Biotech Central: What’s Driving The Growth of Single-Use?

The adoption of single-use technology in biotech has skyrocketed in the past decade, and the uptick shows no sign of abating. According to data from Stratistics MRC, the global market for single use technology is projected to grow from $2.74 billion in 2017 to $13.23 billion by 2026.

 

Several factors are driving this change. Life science companies are eager to avoid the time and cost of cleaning required with stainless steel. They also want to get to market faster. The accelerated expansion of global biotech industries, as evidenced by the Boston bioboom, has provided a growth environment in which newer, disposable technologies are increasingly critical.

 

The pace of change is astonishing. As single-use becomes more widely available and cost-effective, the question of whether to deal with single-use or stainless-steel “is no longer a technology question, but a commercial one,” according to Thorsten Adams, director of product management at Sartorius Stedim Biotech. “In other words, does adoption of single-use or stainless-steel technology provide greater advantages?”

Keeping it small

There is little doubt that major pharmaceutical organizations are more receptive these days than ever to the implementation of single-use. And that’s, partially at least, attributable to changes in modern bioprocessing. Although stainless steel may remain better suited for larger-volume processes, the industry is moving in the direction of smaller processes, particularly for bioprocesses below 3,000 liters.

 

Much of this change is being driven by developments in medical research itself. The growth of personalized medicine has promoted the adoption of smaller-scale processes ideal for the deployment of single-use biotechnology.

 

Personalized medicine is, by definition, small scale. Its focus on an individual as researchers devise treatments custom to that person’s genome make it a perfect fit for single-use solutions.

 

Alongside the emergence of personalized medicine, improvements in cell culture processes and the growth of biologics have spurred the growth of single-use technology.

Going hybrid

Not that this is a zero-sum game between stainless steel and single-use: hybrid implementation is common across the industry. In some cases, a stainless steel facility is retrofitted for single-use. In others, a new facility is designed to accommodate stainless steel for larger scale processes and single-use for smaller scale.

 

The emergence of these hybrid arrangements is particularly advantageous to Contract Manufacturing Organizations (CMOs). Being able to provide single-use technology alongside stainless steel helps CDMOs become more flexible and pivot faster for their clients’ needs.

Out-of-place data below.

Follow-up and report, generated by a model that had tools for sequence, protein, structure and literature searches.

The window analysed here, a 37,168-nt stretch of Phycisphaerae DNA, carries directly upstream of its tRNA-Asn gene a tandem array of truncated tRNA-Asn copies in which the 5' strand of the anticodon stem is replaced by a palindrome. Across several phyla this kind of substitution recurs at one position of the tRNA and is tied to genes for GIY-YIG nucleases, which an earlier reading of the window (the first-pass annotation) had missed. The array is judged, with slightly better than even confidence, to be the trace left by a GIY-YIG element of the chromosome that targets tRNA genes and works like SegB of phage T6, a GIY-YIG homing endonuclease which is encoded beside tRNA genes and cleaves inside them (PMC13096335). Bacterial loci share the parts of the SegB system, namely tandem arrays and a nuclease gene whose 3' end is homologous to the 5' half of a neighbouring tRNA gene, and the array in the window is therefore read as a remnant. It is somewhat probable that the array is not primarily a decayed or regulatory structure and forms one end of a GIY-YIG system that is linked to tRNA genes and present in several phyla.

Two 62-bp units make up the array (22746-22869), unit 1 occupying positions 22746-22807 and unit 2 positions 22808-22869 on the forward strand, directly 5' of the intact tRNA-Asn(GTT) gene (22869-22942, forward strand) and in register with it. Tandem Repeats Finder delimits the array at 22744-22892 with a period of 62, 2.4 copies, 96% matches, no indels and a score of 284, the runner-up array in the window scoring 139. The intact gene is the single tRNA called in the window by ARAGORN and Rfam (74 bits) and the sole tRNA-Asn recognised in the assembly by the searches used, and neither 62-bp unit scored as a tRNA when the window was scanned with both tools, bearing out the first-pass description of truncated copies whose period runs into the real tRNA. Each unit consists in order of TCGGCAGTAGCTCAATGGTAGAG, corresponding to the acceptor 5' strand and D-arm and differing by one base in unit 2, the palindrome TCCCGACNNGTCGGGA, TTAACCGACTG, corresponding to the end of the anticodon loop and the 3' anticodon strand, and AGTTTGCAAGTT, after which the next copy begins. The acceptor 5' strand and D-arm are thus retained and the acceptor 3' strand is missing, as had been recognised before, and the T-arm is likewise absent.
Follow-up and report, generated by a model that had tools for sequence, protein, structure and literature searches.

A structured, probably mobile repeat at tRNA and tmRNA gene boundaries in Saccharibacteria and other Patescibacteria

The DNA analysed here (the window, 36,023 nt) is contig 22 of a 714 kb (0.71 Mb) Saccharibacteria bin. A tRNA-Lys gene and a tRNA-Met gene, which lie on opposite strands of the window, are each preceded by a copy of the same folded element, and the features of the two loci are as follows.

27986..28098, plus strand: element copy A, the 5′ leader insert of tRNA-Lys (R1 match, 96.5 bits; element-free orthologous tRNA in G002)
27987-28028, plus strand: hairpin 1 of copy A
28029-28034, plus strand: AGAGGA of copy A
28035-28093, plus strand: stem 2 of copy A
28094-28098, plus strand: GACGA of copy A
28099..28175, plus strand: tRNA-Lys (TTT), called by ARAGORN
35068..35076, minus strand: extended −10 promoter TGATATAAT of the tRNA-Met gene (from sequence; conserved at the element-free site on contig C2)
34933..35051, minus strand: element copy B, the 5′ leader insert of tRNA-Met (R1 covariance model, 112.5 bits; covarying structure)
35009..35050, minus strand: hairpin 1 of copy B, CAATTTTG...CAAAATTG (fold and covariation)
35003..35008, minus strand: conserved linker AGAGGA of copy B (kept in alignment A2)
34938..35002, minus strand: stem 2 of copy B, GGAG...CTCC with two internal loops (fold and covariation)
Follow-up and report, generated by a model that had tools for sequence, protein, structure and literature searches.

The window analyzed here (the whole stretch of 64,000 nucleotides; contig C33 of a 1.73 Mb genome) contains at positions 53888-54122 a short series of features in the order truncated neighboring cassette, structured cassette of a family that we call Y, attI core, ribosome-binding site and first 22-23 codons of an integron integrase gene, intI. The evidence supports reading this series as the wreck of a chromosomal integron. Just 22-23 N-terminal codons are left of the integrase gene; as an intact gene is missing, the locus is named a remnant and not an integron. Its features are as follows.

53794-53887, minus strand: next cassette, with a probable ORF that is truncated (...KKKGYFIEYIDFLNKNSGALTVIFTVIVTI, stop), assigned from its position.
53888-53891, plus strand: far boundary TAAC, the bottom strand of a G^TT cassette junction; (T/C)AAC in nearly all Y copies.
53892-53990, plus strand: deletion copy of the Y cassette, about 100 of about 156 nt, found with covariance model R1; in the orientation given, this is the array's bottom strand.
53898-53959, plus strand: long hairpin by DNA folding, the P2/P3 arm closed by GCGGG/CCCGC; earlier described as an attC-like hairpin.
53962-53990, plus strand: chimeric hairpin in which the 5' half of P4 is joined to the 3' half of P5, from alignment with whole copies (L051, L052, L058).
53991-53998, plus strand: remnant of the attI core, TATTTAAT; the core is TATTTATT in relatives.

“CDMO business models as service providers force them to look for flexible production capacity, fast campaign changeovers, and rapid production at different scales,” explains an article by Bioprocess International. “Those demands are nicely fulfilled by the use of disposable equipment, which has made CDMOs early adopters of single-use technologies.”

 

Ken Clapp, senior manager at GE Healthcare Life Sciences, agrees on the benefits of a hybrid approach. Speaking with The Medicine Maker in 2016, Clapp said that one of the biggest drawbacks to using stainless steel is when a drug goes off patent or is no longer commercially viable and production ceases permanently. “The manufacturer may be left with a stainless steel monument to a bygone product,” Clapp stated. “With a single-use technology infrastructure, a company can quickly scale down their operation or transfer the portable equipment within their manufacturing network to support new production demand.”

Managing costs

The argument for continued adoption of single-use is strengthening on several fronts. From a financial perspective, single-use proves more cost effective than stainless steel at most sizes.

 

“People don’t want to clean and they don’t want to do cleaning validation”, says Mark Sitcoske, CEO and founder of High Purity New England, an international manufacturer and distributor of custom single-use assemblies. “They want to lower their capital expenditure and get in the market as fast as possible.” The fact that many large pharmaceutical companies are building single-use facilities is evidence of this trend, he notes.

 

Of the environmental concerns surrounding single-use, Sitcoske says that the proportion of dirty plastics produced by the bioprocess sector is incredibly low as a percentage of total plastic production. He points to the uptick in initiatives across biopharma toward recycling and safely disposing of single-use materials.

The next frontier

As pharmaceutical companies, manufacturers, distributors, and CDMOs converge around the benefits of single-use, all eyes will be on the further progress researchers make in the drive to create effective personalized medicines that strike at the heart of difficult-to-treat medical conditions. From therapies for rare diseases to the race for a cure to cancer, the impact of single-use technology in facilitating cutting edge research into these conditions is set to grow.